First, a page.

• All the individual keys are wrapped inside individual divs which is further wrapped inside another div.
  • Apart from CSS classes, there is another attribute attached to these divs called “data-key” with a code number.
  • For those of you who don’t know, data-* is an HTML attribute used to store custom data private to the page or application. This attribute then can be used with JavaScript to provide a better experience to the user.
  • In this tutorial, the data-* attribute is used to store the codes attached to the particular keys of your keyboard, i.e., data-key=”65″ or “83” or whatever.
  • There is another element in the above code which most of you might not know, i.e., <kbd></kbd>
  • It represents a span of inline text which represents user input from the keyboard, voice input, or any other text entry device.
  • And finally, we can see the <audio> elements that hold our sound files for the project

JavaScript Logic

Now comes my favorite part, JavaScript logic which will finally make our project come alive.

We mainly have 3 objectives with the JavaScript part –

  1. Play the sound when the user presses the key
  2. Transition the key which has been pressed
  3. End the transition

Let’s look at each of them one by one

Play Sound and Transition

To make this happen, we will first –

  1. Create a function called playSound(), you can choose whatever name you like.
  2. Then create variables that hold audio files and divs of different keys.
  3. And then check if there is an audio file present with key user pressed, if no then return nothing, if yes, then play it.
  4. And also add the class name ‘playing’ which contains the transition effect of the active state of the key(check the image below)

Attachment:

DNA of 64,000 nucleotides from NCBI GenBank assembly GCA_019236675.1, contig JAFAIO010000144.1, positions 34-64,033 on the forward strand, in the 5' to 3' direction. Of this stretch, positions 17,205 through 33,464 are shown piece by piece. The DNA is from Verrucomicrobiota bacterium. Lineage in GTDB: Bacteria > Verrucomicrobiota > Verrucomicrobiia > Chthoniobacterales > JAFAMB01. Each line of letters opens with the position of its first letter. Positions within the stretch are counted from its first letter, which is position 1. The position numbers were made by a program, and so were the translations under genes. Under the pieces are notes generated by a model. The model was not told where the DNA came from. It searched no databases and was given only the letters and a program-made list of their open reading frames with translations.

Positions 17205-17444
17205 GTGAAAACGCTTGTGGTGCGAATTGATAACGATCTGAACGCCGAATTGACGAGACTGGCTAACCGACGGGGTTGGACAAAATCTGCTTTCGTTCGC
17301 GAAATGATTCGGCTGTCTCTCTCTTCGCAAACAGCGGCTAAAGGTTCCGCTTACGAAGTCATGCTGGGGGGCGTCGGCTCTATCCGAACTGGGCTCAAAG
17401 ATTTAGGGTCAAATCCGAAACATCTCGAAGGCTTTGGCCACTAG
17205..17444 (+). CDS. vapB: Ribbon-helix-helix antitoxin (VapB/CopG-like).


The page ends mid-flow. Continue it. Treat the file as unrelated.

Transitioned state of Drum Kit Project made in Vanilla JavaScript

function playSound(e) {
    const audio = document.querySelector(`audio[data-key="${e.keyCode}"]`); // selects the audio file present with the pressed key
    const key = document.querySelector(`div[data-key="${e.keyCode}"]`); // stores the div element of the pressed key in the variable
    if (!audio) return; // If no audio then nothing return

    key.classList.add('playing'); // Add class 'playing' to the key variable
    audio.currentTime = 0; // Set current time position to 0 seconds; // Play the audio file

Our playSound() function is complete, but the problem is that our website now looks like this 👇

Transition still active in Vanilla JavaScript Drum Kit Project

Once the key is pressed, the transition is attached permanently, to tackle this issue, we’ll create another function removeTransition()

function removeTransition(e) {
    if (e.propertyName !== 'transform') return; // Our statement will return nothing if there is not any property with the property name of 'transform''playing'); // If there is 'transform' property, 'playing' class will be removed from the element

Our work is mostly finished, we just have to attach these functions to their respective ‘event listeners’ so that the functions invoke themselves once the event fires.

 window.addEventListener('keydown', playSound); // This event listener ensure that playSound() calls itself if any key is pressed in the browser window

playSound() is done, but removeTransition is tricky so be attentive

const keys = Array.from(document.querySelectorAll('.key')); // All the keys are selected
  keys.forEach(key => key.addEventListener('transitionend', removeTransition)); // A forEach method is run which invokes the removeTransition() when the 'transitionend' event is fired after pressing an key


Congratulations, you have made it this far and your project should be up and running fine most probably at this time.

If not, then check everything again or comment down below your problem, I will very much be happy to solve them.

If you want more posts just like this one, check out my site -

Happy Coding 🙂